I had this experience a few weeks ago where I just had a dredge of a week to work through – Meetings, Status Updates, Presentations, Designs, etc, etc – you name it I did it. Lots of concurrent projects going on across everything in my life and it literally felt like I was bailing out a boat while water was coming in at an insurmountable rate to what I was bailing.
Everyone has these weeks, I’m saying nothing new in this regard. However, while I was dealing with this maelstrom of tasks and people, this one person I work with was staying on top of everything and in fact doing a much better job when compared to some of the people that really had to work, so I pushed off meeting with her until the end of the week. And not just the end of the week, but the very end of the week, Friday at 4pm where my energy was in the negative zone. I had, had no time to prepare to meet with her and halfway through realized I wasn’t going to be able to give her the help she needed.
When I left that meeting, I felt utterly horrible, here is this great resource on our team that’s driving towards the finish line, making a great impact and needs my help for the last 10 yards whilst I am trying to help people you are the 50 yard line. So while I focused on the people at the 50 yard line, I gave her no support to go further. When I met with her the following week (very early in the week), I came prepared to walk through everything with her and give her that last 10 yards she needed and from there she need another 20 yards (you can’t beat that kind of Return on Investment).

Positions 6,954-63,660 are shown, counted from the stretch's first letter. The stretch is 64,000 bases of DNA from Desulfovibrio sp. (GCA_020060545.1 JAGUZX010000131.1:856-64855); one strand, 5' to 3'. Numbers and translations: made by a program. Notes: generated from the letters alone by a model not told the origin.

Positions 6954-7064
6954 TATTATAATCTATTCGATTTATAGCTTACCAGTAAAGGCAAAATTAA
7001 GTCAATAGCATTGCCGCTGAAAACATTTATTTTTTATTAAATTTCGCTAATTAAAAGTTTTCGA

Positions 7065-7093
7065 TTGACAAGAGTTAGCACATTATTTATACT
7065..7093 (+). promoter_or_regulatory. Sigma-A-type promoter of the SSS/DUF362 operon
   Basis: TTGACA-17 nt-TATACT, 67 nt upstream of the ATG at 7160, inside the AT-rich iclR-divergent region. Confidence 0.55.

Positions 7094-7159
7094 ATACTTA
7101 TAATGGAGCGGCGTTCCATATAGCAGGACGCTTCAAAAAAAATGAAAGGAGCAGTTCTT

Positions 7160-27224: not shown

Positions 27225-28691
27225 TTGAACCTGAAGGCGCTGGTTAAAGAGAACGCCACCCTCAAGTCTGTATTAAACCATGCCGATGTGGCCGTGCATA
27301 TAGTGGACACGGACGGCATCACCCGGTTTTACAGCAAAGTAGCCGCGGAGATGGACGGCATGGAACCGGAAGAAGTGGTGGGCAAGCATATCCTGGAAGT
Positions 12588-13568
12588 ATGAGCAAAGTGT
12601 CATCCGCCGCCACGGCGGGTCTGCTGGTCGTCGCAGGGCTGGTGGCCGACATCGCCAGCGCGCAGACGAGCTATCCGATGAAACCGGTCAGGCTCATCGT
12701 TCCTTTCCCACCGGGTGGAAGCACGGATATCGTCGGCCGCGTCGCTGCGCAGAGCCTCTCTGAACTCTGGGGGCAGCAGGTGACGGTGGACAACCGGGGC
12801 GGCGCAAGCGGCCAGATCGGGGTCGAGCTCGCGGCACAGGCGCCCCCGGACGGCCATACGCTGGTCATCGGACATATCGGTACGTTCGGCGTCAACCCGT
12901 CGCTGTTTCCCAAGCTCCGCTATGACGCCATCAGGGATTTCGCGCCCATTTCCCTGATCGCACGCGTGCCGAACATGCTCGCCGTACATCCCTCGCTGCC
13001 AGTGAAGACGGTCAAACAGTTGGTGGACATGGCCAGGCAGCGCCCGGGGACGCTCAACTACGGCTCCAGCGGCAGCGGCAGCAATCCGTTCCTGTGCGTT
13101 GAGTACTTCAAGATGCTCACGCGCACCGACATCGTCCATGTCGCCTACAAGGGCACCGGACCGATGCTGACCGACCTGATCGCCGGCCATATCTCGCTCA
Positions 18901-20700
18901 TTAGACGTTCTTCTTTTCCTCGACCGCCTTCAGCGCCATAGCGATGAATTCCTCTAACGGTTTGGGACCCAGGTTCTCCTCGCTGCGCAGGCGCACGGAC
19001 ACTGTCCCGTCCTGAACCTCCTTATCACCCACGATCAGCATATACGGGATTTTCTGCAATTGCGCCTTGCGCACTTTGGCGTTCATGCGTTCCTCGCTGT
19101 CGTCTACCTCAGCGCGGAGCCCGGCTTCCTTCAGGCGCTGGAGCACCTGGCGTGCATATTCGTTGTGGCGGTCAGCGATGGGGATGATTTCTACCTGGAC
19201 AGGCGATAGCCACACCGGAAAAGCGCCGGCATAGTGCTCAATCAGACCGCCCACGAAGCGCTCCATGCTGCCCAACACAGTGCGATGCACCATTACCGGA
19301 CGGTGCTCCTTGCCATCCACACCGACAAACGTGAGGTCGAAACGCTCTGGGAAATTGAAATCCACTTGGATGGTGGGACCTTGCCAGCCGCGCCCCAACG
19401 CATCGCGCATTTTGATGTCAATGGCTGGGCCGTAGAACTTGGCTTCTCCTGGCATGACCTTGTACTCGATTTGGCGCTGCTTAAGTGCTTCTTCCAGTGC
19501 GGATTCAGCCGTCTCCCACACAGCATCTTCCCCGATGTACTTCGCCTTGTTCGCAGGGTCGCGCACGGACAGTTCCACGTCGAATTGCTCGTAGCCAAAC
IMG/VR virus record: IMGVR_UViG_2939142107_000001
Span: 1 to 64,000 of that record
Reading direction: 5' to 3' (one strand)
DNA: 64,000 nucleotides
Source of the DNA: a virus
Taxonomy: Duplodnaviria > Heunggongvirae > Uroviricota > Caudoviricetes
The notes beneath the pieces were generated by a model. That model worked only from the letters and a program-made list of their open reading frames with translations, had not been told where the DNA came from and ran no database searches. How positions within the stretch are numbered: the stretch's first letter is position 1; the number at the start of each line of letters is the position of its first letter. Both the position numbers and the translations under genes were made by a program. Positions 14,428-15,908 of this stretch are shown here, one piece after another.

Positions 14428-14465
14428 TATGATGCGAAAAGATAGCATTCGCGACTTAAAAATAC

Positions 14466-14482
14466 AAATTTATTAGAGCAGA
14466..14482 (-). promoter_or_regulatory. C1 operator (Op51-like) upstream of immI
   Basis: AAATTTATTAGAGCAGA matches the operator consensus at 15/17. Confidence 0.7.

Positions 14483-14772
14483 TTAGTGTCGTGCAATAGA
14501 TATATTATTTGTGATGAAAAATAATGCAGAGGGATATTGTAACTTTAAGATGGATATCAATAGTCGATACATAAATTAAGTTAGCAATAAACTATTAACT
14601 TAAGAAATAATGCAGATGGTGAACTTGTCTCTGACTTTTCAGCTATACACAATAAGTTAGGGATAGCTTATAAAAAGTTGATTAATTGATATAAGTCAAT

We sometimes lean towards focusing on the trouble people (and/or kids), giving them more energy to get them up to speed with everyone else. And this is good and should not be ignored. But if we don’t focus on the high-performing, those that are ahead of the curve and pushing themselves not for monetary gain but for their own desire to do well in their field of interest, and yes for lack of a better word “the good kids”, then we are also not helping them reach their full potential, leaving them stranded where they are, waiting for everyone to catch up and then worse, losing interest in what they are doing.
I’m not saying focus all your energies on them – I am saying don’t forget to give equal parts to them as well – they need your guidance in a different way. The Good Kids don’t always ask for help, because they see what you are doing and hold off a bit, that’s where you need to observe them and jump in with – “Hey, how’s it going…” and make the time for them.